In the Lower 48 states, natural gas processing plant throughput both increased by about 5% between 2014 and 2017 on a net basis according to EIA estimates, and nationally, dry production increased by slightly less than 5% during that period.

Trends in natural gas processing throughput (Table 1) typically track trends in natural gas processing capacity. Volumes of natural gas processed increased the most in Texas and West Virginia and decreased the most in Wyoming and Louisiana.

Utilization rates of natural gas processing plants (Table 2), defined as the ratio of throughput to capacity, remained stable between 2014 and 2017 on a net basis, according to EIA estimates, although results for individual states differed substantially. States with large production growth during the period tended to have higher utilization rates in 2017.

The utilization rate in Texas, which saw a substantial increase in capacity during the report period and a decrease in natural gas production, declined from 75% to 69%. Louisiana, Oklahoma, and New Mexico experienced similar decreases in utilization.

States in the Appalachian Basin tended to show large increases in processing plant throughput, reflecting increased demand for processing as production grew during the period. Utilization in Ohio increased from 55% to 63%, and utilization in West Virginia increased from 66% to 79%. Utilization in Pennsylvania stayed essentially flat.

Utilization rates for states in the Bakken formation increased to accommodate production growth in the region. Utilization in North Dakota increased from 62% to 79%, and utilization in Montana increased from 76% to 96%.

As dry production increased by 5% between 2014 and 2017, natural gas plant liquids production increased by about 19%. Natural gas plant liquids are more energy-dense than dry natural gas, so this is likely the reason that Btu content has trended higher in many states and at the Lower 48-level over this period.

The estimates for natural gas processing plant throughput for 2017 show similar trends in two EIA surveys—the Form EIA-757 and the Form EIA-64A survey (Table 3). Notable differences between the state-level results are the result of two main factors:

  • Volumes of natural gas imported from Canada but processed in the United States are of scope of the EIA-64A survey
  • Some processing plants were not surveyed on the Form EIA-757 Schedule A survey because they were out of scope (such as compressor stations and processing plants that only do repressuring)


Table 1. Natural gas processing capacity and throughput, Lower 48 states

million cubic feet per day

State Capacity 2014 Capacity 2017 Change Throughput 2014 Throughput 2017 Change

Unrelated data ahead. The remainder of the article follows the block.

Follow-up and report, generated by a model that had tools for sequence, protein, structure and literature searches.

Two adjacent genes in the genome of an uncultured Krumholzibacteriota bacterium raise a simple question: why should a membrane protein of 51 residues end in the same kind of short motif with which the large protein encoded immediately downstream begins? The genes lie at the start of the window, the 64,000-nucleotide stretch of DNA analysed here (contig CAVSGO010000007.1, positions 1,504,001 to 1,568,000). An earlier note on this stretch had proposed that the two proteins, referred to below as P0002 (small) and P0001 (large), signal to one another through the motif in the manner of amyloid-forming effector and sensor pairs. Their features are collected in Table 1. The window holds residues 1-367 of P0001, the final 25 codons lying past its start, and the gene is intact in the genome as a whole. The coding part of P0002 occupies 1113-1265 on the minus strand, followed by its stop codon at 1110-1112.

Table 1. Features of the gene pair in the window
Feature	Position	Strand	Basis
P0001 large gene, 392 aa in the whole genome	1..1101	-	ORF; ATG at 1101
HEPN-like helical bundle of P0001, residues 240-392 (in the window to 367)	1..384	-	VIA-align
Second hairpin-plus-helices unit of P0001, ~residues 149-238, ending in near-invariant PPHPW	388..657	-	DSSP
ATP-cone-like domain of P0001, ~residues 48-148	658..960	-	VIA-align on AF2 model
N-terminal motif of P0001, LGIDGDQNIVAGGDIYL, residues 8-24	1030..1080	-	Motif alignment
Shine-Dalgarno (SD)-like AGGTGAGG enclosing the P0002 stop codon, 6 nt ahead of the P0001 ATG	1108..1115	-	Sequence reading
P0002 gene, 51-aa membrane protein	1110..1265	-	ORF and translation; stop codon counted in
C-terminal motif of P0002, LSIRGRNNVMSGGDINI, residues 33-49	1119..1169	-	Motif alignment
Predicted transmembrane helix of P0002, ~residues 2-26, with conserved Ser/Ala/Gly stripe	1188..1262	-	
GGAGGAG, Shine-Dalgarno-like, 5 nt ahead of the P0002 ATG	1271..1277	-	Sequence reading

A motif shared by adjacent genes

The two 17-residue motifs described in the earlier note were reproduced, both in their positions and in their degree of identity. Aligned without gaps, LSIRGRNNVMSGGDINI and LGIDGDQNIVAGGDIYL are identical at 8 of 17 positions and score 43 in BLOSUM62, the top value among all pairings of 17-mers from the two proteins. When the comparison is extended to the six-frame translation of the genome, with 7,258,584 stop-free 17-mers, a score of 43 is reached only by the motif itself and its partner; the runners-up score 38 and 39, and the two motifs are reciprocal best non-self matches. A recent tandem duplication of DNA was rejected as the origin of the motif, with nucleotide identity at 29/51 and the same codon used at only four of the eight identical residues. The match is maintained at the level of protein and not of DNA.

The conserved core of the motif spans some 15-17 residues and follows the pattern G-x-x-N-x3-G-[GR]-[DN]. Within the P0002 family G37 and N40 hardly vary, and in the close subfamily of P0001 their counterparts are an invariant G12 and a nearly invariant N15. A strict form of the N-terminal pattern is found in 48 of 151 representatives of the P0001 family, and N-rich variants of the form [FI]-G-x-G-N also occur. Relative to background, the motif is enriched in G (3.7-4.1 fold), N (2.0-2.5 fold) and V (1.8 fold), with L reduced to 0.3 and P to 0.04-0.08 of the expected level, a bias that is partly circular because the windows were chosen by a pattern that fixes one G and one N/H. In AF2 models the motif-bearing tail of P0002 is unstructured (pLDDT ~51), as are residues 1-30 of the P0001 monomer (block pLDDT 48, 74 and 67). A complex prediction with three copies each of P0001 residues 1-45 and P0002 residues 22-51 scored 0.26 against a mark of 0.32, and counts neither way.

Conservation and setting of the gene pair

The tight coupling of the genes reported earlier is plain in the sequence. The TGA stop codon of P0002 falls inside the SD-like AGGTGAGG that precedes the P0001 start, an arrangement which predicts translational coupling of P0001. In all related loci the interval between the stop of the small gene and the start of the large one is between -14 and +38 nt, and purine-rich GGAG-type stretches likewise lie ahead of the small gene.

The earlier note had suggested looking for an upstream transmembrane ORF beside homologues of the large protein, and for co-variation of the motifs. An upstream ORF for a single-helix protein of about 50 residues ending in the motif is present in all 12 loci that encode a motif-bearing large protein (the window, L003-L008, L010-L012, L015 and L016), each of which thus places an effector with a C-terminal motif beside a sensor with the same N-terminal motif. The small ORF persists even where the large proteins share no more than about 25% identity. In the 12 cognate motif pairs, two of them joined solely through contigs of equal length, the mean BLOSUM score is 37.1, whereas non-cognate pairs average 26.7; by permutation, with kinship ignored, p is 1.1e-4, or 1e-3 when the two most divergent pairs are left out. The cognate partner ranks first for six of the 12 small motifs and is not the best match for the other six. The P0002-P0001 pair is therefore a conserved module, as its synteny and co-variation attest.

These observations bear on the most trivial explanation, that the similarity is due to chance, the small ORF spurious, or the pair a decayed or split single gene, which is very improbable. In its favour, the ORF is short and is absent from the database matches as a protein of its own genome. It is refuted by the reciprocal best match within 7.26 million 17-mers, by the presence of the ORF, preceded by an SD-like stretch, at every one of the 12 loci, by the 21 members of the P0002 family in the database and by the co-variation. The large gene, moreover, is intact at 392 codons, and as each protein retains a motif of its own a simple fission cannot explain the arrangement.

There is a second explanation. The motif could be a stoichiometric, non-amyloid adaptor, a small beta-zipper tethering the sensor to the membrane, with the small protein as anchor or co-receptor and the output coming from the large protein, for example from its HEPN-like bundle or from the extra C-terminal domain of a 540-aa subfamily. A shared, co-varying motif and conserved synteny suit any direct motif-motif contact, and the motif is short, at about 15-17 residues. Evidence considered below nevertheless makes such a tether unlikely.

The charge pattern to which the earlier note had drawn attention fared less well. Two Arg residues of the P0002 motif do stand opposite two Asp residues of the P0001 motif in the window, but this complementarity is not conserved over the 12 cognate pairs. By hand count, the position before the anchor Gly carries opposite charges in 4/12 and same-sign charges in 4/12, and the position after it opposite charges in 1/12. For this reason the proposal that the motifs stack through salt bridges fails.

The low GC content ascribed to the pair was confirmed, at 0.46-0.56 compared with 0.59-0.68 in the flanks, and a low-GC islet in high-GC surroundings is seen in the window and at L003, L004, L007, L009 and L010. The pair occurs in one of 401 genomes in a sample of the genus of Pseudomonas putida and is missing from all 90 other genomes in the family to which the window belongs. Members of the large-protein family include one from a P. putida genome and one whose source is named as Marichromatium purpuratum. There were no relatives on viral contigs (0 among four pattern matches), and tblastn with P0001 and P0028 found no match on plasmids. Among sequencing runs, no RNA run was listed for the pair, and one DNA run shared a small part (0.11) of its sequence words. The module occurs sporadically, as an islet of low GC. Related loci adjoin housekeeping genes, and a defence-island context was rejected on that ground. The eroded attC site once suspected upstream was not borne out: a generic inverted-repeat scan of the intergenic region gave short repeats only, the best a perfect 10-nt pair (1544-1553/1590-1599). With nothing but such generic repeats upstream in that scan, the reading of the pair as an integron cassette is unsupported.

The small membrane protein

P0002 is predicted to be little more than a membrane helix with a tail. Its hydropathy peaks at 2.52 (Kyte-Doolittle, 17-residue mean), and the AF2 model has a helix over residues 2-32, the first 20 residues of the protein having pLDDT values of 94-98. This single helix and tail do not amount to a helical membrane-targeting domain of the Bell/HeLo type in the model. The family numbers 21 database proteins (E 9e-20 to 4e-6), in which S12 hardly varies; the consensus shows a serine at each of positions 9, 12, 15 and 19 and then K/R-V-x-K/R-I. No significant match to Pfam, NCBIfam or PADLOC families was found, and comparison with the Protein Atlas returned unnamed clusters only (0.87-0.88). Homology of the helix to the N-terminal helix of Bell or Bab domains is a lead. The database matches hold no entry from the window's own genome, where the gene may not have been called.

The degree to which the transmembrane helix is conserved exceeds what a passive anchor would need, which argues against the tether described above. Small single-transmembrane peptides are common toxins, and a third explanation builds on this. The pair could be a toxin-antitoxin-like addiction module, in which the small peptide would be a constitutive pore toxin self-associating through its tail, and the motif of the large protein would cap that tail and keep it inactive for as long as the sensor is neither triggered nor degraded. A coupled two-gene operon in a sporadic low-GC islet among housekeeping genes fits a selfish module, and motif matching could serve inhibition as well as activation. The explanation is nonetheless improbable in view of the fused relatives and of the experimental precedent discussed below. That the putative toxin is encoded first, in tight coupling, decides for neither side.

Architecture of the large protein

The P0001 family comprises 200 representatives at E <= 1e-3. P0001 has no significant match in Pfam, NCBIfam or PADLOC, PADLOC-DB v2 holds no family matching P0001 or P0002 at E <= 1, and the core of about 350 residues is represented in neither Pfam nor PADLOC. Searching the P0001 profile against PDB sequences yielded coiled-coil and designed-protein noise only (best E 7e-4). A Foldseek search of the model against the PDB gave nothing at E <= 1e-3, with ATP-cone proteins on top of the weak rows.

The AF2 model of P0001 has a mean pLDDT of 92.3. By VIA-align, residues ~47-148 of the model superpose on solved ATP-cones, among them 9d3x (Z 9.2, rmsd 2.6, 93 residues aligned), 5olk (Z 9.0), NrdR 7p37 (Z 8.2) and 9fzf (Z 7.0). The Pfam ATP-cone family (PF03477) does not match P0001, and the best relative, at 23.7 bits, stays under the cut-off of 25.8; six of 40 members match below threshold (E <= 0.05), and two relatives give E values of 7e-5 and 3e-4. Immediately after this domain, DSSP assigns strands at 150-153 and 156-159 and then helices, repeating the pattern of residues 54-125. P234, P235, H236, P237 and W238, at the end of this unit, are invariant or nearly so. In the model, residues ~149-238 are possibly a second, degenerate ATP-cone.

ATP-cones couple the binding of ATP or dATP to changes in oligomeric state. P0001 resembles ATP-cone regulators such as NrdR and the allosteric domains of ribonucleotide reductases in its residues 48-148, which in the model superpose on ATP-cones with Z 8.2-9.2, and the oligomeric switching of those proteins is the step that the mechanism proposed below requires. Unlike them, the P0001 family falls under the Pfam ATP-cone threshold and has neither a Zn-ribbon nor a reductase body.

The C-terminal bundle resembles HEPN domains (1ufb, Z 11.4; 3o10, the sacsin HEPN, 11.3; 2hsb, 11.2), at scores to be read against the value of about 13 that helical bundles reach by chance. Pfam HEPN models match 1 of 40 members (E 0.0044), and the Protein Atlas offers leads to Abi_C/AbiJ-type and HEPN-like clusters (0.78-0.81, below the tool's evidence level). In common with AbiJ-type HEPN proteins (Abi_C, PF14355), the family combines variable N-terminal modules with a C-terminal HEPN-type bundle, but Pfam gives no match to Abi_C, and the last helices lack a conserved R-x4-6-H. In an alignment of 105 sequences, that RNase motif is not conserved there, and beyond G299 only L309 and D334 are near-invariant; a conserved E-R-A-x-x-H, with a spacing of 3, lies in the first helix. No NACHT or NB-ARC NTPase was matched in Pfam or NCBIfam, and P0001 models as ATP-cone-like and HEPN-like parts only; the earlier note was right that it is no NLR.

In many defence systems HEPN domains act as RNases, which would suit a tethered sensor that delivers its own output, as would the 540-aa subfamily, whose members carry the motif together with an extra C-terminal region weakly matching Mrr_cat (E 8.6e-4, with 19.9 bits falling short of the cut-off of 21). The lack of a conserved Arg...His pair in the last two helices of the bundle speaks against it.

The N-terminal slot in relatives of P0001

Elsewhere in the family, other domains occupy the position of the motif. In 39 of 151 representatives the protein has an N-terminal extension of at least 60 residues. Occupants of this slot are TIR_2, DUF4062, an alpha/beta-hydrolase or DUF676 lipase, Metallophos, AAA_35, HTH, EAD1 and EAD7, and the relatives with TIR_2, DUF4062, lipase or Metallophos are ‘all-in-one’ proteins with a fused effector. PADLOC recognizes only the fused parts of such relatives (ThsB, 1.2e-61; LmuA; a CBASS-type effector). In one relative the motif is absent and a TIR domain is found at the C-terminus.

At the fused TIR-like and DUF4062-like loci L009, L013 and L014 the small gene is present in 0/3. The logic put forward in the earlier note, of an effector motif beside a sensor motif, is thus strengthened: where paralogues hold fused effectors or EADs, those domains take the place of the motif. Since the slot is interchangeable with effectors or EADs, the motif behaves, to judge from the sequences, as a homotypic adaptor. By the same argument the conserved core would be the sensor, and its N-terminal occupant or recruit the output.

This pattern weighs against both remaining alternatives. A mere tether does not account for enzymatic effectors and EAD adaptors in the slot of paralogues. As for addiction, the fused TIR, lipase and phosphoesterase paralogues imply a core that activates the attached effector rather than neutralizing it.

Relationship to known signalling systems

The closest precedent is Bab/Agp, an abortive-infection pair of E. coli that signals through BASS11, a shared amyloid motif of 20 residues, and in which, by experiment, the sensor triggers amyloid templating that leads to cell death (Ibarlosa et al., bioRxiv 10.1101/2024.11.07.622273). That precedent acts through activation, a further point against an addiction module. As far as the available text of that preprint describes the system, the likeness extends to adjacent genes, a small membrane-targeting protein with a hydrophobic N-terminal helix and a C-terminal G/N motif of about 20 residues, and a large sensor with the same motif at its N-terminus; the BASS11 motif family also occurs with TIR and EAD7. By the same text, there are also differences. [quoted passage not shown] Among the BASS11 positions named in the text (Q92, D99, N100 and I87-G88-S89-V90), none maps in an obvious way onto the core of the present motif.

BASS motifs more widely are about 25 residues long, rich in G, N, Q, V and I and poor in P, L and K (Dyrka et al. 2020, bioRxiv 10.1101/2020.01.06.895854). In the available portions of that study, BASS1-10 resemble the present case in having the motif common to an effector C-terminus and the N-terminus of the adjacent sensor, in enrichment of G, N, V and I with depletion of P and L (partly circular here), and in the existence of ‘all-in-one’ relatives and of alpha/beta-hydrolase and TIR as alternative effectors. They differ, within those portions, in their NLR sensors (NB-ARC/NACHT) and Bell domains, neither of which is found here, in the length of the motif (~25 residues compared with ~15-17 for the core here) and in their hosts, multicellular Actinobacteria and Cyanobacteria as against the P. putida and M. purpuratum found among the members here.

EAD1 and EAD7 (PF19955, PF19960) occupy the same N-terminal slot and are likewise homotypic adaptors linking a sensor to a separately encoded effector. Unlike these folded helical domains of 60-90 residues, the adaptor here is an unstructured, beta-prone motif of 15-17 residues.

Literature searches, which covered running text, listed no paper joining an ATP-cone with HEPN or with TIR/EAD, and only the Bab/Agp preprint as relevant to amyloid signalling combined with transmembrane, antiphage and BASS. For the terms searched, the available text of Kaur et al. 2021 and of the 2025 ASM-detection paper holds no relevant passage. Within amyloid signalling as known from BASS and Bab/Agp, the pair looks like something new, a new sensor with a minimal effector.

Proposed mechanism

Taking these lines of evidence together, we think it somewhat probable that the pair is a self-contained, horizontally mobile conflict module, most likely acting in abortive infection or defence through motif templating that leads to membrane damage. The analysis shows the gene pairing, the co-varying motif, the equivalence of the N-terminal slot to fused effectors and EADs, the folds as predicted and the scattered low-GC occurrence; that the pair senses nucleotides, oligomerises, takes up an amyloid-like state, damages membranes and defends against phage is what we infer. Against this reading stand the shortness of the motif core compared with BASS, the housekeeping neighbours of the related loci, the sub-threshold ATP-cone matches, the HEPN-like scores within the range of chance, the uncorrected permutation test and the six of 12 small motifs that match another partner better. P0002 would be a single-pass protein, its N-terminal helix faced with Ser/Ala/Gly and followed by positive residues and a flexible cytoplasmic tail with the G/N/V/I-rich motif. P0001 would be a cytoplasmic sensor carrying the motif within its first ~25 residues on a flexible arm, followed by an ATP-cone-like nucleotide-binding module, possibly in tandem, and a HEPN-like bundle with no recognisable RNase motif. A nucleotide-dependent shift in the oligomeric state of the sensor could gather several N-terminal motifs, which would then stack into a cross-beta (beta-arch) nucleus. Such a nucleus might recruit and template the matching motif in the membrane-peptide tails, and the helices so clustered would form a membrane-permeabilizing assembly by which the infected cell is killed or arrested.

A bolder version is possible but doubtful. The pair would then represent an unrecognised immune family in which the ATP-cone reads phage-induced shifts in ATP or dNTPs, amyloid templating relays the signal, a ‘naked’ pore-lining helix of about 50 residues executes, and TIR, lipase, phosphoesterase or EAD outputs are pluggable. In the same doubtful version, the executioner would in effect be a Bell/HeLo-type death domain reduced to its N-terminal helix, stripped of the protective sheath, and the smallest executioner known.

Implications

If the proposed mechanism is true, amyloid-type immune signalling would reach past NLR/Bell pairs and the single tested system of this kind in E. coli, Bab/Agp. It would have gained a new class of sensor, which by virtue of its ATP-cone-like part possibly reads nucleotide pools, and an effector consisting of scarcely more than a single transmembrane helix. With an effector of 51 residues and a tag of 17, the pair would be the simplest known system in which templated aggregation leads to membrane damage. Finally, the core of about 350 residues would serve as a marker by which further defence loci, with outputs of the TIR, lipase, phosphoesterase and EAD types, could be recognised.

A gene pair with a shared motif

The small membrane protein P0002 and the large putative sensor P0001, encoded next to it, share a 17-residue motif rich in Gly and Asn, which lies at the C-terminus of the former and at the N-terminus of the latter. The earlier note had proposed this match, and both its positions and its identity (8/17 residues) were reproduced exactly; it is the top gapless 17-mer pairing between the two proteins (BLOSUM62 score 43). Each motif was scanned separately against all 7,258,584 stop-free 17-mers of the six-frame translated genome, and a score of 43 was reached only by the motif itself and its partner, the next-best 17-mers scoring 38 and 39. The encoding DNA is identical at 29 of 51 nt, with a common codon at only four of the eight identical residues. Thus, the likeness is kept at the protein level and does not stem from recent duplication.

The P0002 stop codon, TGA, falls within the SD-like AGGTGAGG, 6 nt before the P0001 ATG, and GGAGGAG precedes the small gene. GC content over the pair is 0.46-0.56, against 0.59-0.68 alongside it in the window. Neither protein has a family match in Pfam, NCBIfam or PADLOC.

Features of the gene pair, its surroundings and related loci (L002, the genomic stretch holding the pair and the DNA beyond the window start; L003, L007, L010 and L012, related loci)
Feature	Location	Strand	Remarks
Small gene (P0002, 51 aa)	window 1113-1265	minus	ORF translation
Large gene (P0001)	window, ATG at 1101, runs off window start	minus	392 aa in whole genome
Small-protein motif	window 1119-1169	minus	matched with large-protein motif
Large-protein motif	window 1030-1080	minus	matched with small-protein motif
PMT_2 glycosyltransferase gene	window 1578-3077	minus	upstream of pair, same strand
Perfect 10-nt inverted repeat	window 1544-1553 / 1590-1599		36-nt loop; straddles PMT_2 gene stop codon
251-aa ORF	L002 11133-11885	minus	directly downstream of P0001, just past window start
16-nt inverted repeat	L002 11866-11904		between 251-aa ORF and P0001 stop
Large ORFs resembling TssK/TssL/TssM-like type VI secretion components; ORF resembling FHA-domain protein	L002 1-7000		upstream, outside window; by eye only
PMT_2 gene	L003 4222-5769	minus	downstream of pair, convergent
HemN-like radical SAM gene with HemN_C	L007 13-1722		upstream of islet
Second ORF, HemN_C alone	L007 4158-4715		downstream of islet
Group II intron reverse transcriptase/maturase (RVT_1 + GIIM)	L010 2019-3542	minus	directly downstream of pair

AL 1,459 1,364 (95) 613 542 (71)
AR 37 12 (25) 26 11 (15)
CA 898 434 (464) 370 285 (85)
CO 6,130 6,632 504 4,541 4,476 (64)
FL 90 NA NA 15 NA NA
IL 2,102 2,102 - 1,683 1,634 (49)
KS 1,664 1,211 (453) 976 651 (325)
KY 255 365 110 186 150 (36)
LA 10,870 9,358 (1,512) 5,525 4,588 (937)
MI 126 101 (25) 52 40 (12)
MS 1,883 763 (1,120) 407 406 (1)
MT 146 655 510 111 629 518
ND 950 1,801 851 592 1,431 839
NM 3,323 3,917 594 2,240 2,402 162
OH 2,125 2,165 40 1,169 1,355 186
OK 6,568 7,834 1,266 5,028 5,764 736
PA 754 1,120 366 531 771 240
TN 25 25 - 14 12 (2)
TX 23,987 27,650 3,663 17,931 19,174 1,242
UT 2,017 1,623 (394) 992 734 (258)
WV 4,077 5,504 1,427 2,710 4,365 1,655
WY 7,720 6,116 (1,604) 5,053 3,870 (1,183)
L48 Total 77,205 80,752 3,637 50,766 53,290 2,540
Source: U.S. Energy Information Administration, Form EIA -757 Schedule A, Natural Gas Processing Plant Survey

Table 2. Metrics of natural gas processing, Lower 48 States
State Utilization 2014 Utilization 2017 Btu content 2014 Btu content 2017 Plant count 2014 Plant count 2017
AL 42% 40% 1,099 1,125 16 12
AR 70% 92% 1,152 1,188 2 1
CA 41% 66% 1,162 1,211 23 17
CO 74% 67% 1,152 1,175 43 39
FL 17% NA 380 NA 1 0
IL 80% 78% 1,127 1,131 2 2
KS 59% 54% 1,066 1,049 8 6
KY 73% 41% 1,287 1,294 3 2
LA 51% 49% 1,090 1,110 50 41
MI 41% 40% 1,137 1,103 13 9
MS 22% 53% 1,138 1,200 5 3
MT 76% 96% 1,350 1,018 5 5
ND 62% 79% 1,361 1,422 14 21
NM 67% 61% 1,116 1,153 27 26
OH 55% 63% 1,225 1,221 6 5
OK 77% 74% 1,171 1,184 75 71
PA 70% 69% 1,245 1,245 11 10
TN 56% 48% 1,225 1,225 1 1
TX 75% 69% 1,144 1,173 181 183
UT 49% 45% 1,118 1,120 13 9
WV 66% 79% 1,220 1,216 16 15
WY 65% 63% 1,181 1,069 36 32
L48 Total 66% 66% 1,151 1,169 551 510
Source: U.S. Energy Information Administration, Form EIA -757 Schedule A, Natural Gas Processing Plant Survey
Note: Utilization is calculated as the ratio between processing plant throughput and processing plant capacity. Btu contents for each state are calculated as the weighted average heat content across all active processing plants in a given state or at the Lower 48 level. Metrics for utilization and Btu content in Florida are unavailable in 2017, as the only processing plant in Florida was out of scope of the EIA-757A survey for 2017. NA indicates Not Applicable. It applies to states where all processing plants have fallen out of scope of the survey.

Table 3. Comparison of EIA-64A and EIA-757 Schedule A throughput, 2017

million cubic feet per day

State EIA-64A EIA-757A
AL 447 542
AR 11 11
CA 276 285
CO 4,511 4,476
FL 40 NA
ID 10 NA
IL 179 1,634
KS 592 651
KY 140 150
LA 3,679 4,588
MI 37 40
MS 419 406
MT 29 629
ND 1,594 1,431
NM 2,308 2,402
OH 1,626 1,355
OK 5,012 5,764
PA 877 771
TN 12 12
TX 17,461 19,174
UT 760 734
WV 4,688 4,365
WY 3,438 3,870
L48 Total 48,095 53,290
Source: U.S. Energy Information Administration, Form EIA -757 Schedule A, Natural Gas Processing Plant Survey, Form EIA-64A, Annual Report of the Origin of Natural Gas Liquids Production
Note: Volumes of natural gas imported from Canada but processed in the United States are out of scope of the EIA-64A survey, accounting for a large portion of the differences between the two surveys for states such as Illinois and Montana. NA indicates Not Applicable. It applies to states where all processing plants have fallen out of scope of the survey.

Appendix:

Estimates of state-level totals for non-respondents and for omitted data items were imputed using previously submitted Form EIA-757 Schedule A data, current Form EIA-64A data, and publicly available company information.

The 2017 Form EIA-757 Schedule A survey had a response rate of 94%, which accounted for an estimated 98% of capacity volumes and 98% of throughput volumes in the Lower 48 states.